2016 hurricane season is over
The United States National Weather Service says that this year’s Atlantic hurricane season will be remembered for the devastation caused by Hurricane Matthew that reached a category five, the most powerful in a decade, and left several hundred people dead in Haiti. “Matthew has been the first category five hurricane formed in the last five years since Felix in 2007 and it has beaten the record as the most powerful hurricane that developed so far South in the Atlantic Ocean,” according to NWS spokeswoman Arlena Moses. As well as Haiti, Matthew also affected the eastern coast of Cuba, the west of the Dominican Republic, the north of Colombia, the Bahamas, the southeast of the United States – where some cleaning up continues to this day – and even parts of Canada in its last stages. The National Hurricane Center (NHC) in Miami has still not calculated the final death toll from Matthew but it is estimating at least 1600 dead, making it the most deadly hurricane since Stan in 2005.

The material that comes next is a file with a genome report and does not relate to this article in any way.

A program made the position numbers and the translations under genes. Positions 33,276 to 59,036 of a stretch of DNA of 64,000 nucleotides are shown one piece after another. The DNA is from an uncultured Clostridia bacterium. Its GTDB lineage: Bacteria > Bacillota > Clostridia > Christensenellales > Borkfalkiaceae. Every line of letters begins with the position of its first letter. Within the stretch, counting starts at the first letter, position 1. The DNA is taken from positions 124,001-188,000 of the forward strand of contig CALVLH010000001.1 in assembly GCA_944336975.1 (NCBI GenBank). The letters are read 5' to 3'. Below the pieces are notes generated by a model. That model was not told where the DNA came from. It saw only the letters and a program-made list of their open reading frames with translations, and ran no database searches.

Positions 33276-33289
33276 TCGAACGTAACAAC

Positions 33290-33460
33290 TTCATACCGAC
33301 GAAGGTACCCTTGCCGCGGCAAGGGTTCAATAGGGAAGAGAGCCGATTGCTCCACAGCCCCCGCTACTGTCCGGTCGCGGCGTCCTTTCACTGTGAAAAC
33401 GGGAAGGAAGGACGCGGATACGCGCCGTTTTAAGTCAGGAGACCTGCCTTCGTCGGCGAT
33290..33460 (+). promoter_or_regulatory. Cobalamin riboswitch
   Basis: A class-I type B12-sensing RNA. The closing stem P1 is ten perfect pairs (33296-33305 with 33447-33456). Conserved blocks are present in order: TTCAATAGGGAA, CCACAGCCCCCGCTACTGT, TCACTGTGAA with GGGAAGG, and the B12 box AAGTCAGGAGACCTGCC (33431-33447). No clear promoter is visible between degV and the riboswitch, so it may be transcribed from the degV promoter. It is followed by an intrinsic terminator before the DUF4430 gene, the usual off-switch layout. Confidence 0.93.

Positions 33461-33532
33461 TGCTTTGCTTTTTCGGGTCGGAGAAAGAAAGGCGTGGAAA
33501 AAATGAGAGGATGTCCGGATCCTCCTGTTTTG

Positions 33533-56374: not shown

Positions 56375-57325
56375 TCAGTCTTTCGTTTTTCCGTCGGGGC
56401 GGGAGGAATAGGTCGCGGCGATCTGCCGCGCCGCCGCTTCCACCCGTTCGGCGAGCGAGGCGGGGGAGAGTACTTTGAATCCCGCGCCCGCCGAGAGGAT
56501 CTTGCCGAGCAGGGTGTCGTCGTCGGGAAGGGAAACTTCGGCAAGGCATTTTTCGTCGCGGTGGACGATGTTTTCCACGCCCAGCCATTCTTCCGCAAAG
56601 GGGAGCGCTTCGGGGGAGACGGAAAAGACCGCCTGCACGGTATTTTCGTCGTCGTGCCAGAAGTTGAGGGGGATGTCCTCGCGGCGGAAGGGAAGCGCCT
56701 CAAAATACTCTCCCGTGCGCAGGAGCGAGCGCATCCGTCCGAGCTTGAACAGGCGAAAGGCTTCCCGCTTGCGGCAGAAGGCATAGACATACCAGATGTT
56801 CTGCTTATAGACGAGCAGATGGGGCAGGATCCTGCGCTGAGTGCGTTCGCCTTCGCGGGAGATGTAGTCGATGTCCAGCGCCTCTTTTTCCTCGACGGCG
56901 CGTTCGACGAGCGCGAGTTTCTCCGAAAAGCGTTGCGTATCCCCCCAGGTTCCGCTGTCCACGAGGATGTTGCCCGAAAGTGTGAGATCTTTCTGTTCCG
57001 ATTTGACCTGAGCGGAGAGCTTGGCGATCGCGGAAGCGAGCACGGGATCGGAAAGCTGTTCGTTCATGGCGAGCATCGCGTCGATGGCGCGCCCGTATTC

A normal Atlantic hurricane season, which begins at the beginning of June and ends on 30 November represents an average activity of between 11 and 12 tropical storms and five hurricanes. Nonetheless this year there were 15 storms seven of which became hurricanes (Alex, Earl, Gaston, Hermione, Matthew, Nicole and Otto) and three of these storms reached a major category of 3, 4 or 5 on the Saffir-Simpson scale.
Dec 3, 2016
Category: DR News |